Under the Beechum test, a court must first determine that the extrinsic offense evidence is relevant to an issue other than the defendant's character, i.e. motive, opportunity, intent, preparation, plan, knowledge, identity, or absence of mistake or accident. On appeal, the government presents the four previous fires as evidence of intent--that Anderson intended to cause the fire at the warehouse by showing that he had the same state of mind when he caused the earlier four fires. During trial, the government did not state its Rule 404(b) grounds. See United States v. Fortenberry, 860 F.2d 628, 633-34, 636 (5th Cir.1988), cert. denied, --- U.S. ----, 111 S.Ct. 1333, 113 L.Ed.2d 265 (1991). The trial court admitted evidence of the four previous fires as evidence of intent, motive, knowledge, plan or scheme, and absence of mistake or accident.


For these extrinsic offenses to be relevant to an issue other than character, they must be shown to be offenses and also that they are similar to the charged offense. United States v. Guerrero, 650 F.2d 728, 733 (5th Cir.1981). As we stated in Beechum:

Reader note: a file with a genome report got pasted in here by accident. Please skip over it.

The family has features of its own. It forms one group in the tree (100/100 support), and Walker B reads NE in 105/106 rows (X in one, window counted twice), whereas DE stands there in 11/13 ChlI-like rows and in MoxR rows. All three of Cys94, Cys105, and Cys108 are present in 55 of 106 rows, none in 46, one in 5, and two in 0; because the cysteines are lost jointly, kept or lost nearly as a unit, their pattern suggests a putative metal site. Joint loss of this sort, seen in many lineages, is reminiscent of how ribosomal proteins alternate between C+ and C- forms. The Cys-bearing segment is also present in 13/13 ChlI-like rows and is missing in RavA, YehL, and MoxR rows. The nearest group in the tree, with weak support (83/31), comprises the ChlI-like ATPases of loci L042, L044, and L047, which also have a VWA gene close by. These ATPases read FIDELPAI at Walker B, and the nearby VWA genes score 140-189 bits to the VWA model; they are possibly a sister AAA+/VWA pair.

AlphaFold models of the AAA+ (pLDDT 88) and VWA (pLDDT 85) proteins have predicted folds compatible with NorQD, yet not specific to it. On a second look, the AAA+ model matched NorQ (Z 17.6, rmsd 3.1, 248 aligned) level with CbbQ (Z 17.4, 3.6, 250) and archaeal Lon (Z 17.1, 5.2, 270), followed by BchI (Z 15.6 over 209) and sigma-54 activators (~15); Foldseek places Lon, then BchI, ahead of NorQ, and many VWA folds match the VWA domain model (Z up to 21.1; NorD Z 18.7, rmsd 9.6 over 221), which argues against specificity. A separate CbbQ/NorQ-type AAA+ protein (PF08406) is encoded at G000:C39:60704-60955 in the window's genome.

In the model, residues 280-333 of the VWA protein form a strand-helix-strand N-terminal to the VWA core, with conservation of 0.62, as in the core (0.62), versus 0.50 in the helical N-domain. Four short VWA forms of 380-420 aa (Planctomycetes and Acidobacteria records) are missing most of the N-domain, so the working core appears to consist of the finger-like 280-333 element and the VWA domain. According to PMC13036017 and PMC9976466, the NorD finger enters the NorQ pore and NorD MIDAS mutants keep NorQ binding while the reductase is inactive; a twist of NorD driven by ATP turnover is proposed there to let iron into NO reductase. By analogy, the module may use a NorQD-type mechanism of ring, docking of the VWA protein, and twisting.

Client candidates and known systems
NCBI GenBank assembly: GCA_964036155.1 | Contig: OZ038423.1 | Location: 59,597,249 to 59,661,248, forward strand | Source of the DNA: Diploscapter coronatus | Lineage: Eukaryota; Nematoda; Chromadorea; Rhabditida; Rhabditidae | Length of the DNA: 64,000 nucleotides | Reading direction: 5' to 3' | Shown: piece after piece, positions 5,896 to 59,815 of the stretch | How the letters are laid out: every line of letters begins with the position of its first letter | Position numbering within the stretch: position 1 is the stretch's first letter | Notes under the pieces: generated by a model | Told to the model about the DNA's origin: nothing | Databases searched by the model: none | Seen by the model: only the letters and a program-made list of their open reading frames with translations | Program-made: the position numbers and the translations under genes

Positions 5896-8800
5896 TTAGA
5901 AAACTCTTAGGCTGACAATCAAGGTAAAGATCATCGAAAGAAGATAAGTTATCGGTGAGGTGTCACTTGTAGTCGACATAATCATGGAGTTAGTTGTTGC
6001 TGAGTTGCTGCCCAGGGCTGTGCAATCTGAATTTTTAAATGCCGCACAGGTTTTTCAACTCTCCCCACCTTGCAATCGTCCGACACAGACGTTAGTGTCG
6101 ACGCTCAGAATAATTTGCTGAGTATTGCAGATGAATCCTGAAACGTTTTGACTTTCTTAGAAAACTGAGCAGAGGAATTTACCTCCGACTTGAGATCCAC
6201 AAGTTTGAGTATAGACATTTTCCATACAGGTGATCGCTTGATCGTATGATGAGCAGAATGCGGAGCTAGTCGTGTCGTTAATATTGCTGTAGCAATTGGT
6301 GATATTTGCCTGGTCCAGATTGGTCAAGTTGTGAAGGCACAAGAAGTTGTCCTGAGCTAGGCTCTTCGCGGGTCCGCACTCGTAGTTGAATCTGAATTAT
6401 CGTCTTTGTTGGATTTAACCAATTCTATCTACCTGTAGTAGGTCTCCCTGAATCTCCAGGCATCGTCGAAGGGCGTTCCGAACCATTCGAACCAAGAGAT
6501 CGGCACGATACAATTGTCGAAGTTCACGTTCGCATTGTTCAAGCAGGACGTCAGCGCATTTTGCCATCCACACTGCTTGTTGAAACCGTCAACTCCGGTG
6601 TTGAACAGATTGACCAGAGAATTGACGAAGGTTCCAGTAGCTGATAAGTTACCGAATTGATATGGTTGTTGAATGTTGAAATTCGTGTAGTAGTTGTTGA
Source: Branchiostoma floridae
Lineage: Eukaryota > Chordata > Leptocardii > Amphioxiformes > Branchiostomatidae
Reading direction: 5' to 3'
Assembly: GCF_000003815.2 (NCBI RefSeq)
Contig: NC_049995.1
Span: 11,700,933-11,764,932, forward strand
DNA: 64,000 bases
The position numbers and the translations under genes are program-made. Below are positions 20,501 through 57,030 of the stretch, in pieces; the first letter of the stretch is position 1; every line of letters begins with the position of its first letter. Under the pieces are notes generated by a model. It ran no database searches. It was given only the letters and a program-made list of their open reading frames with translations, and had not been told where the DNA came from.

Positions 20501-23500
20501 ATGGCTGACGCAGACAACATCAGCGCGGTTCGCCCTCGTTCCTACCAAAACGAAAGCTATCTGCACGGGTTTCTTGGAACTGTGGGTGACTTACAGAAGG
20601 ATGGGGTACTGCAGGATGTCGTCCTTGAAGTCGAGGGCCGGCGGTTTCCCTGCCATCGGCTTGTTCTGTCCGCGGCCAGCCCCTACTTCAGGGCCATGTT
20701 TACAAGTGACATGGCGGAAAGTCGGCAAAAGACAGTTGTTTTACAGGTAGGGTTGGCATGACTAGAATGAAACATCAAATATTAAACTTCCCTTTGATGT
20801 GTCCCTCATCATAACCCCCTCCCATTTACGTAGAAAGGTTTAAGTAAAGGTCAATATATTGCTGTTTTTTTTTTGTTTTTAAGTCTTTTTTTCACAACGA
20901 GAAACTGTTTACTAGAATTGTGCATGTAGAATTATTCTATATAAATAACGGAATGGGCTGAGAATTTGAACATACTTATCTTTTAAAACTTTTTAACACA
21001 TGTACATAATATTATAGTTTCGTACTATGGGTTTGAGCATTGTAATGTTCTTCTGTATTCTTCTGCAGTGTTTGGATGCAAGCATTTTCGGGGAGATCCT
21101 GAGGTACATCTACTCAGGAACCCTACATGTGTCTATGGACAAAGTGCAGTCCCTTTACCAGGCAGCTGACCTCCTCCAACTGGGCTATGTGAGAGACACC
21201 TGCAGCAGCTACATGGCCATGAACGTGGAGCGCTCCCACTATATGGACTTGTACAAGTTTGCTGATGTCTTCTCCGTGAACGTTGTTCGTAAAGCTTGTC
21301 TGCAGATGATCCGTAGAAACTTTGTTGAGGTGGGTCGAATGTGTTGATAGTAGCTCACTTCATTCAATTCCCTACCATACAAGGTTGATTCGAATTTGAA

Where the issue addressed is the defendant's intent to commit the offense charged, the relevancy of the extrinsic offense derives from the defendant's indulging himself in the same state of mind in the perpetration of both the extrinsic and charged offenses. The reasoning is that because the defendant had unlawful intent in the extrinsic offense, it is less likely that he had lawful intent in the present offense.


* * * * * *


Obviously, the line of reasoning that deems an extrinsic offense relevant ... is valid only if an offense was in fact committed and the defendant in fact committed it. Therefore, as a predicate to a determination that the extrinsic offense is relevant, the Government must offer proof demonstrating that the defendant committed the offense. If the proof is insufficient, the judge must exclude the evidence because it is irrelevant.


Beechum, 582 F.2d at 911-13. We further explained this threshold requirement in Guerrero:


Where that evidence involves an extrinsic act, its relevancy under Beechum is a function of the degree of similarity between the extrinsic act and the offenses charged. This means more than the existence of a common characteristic. For the purposes of the Beechum test, the common characteristic must be 'the significant one for the purpose of the inquiry at hand.'